Vinx is a hypnotic one-man band. A bookish-looking but genial figure with black clothes, thick-framed glasses, and an orange head scarf, he takes the stage with an African drum hanging from a cord slung over his shoulder. There may be a couple of other musicians, as there were when I saw Vinx at the Detroit Institute of Arts not long ago, but they sit silently for a good part of the show, and sometimes even Vinx’s drum falls silent and he sings alone.
Is Vinx’s music jazz? Folk music? Soul or R&B? World music? It’s simple yet unclassifiable, and that should let you know something’s up. The nearest comparison for his singing would be Stevie Wonder’s, free in rhythm, a bit meditative, full of melismas that bubble over into passages of vocalese. Jazz audiences feel at home with Vinx’s talent for improvisation and for defining the basic structure of a piece from scratch. But for his stripped-down investigation of the essences of African American music, the folk stage of the Ark is a good place.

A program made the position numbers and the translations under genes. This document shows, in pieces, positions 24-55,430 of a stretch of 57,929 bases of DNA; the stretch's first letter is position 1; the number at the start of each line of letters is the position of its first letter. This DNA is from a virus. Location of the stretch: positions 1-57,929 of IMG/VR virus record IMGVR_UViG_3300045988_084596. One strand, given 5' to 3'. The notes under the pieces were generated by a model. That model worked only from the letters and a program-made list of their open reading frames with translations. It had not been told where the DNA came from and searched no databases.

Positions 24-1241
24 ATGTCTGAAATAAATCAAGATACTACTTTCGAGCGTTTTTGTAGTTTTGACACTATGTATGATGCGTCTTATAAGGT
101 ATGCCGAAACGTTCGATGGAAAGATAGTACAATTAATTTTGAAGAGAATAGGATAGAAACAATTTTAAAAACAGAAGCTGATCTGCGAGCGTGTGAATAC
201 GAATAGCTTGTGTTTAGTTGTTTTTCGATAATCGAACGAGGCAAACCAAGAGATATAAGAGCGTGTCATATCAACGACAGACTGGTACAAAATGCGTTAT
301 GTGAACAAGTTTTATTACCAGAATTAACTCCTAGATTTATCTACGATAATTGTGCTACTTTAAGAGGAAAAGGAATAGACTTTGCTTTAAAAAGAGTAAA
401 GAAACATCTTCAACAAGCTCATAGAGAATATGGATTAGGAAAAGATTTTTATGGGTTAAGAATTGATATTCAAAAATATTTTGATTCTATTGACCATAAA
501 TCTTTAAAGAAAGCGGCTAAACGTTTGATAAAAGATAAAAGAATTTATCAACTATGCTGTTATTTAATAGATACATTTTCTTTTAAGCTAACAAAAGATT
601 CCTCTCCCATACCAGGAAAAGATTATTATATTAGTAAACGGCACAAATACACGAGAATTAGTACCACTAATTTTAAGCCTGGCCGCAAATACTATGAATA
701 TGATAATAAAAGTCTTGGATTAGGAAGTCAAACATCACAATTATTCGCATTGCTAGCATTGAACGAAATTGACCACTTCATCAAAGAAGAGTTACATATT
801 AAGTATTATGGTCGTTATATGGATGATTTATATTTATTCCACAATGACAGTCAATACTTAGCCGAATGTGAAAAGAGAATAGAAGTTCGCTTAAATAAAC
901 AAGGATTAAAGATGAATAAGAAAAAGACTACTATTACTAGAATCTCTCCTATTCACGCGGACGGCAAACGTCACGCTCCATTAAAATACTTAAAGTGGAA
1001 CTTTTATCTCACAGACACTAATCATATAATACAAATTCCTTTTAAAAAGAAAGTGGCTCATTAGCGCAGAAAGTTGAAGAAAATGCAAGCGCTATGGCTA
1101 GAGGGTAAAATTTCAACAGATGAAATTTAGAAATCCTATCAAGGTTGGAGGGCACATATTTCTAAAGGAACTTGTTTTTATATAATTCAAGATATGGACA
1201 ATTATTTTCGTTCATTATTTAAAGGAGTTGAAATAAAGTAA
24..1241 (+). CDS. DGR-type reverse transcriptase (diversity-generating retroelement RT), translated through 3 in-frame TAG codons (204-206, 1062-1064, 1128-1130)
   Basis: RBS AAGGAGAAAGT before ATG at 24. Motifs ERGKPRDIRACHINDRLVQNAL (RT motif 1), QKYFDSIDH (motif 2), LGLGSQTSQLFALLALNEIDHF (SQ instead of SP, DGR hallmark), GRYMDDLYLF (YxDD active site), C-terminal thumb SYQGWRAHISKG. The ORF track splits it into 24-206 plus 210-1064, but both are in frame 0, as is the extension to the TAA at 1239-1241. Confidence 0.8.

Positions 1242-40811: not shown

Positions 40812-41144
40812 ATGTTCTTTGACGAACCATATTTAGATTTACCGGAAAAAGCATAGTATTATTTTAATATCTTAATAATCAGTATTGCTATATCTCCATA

Just as a white singer-songwriter might reduce rock or country or classic pop to the dimensions of vocals and guitar, so Vinx suggests many kinds of African American music with his voice and drum. He does an unforgettable version of “My Funny Valentine” with the drum laying down a skittery layer underneath his elaborated version of the song’s already jazzy melody. He sometimes delves into Brazilian and Caribbean flavors that commended his music to Sting, one of his longtime backers. Most of his songs are original and romantic, with a sort of contemplative lyricism that tends to hook those who’ve heard it once.
As so often with things that are simple but distinctive, a notable life story underlies Vinx’s music. Growing up in a suburb of Kansas City, he was badly burned in a fire started by white terrorists who burned down his family’s house. He recovered to make the second-longest triple jump in
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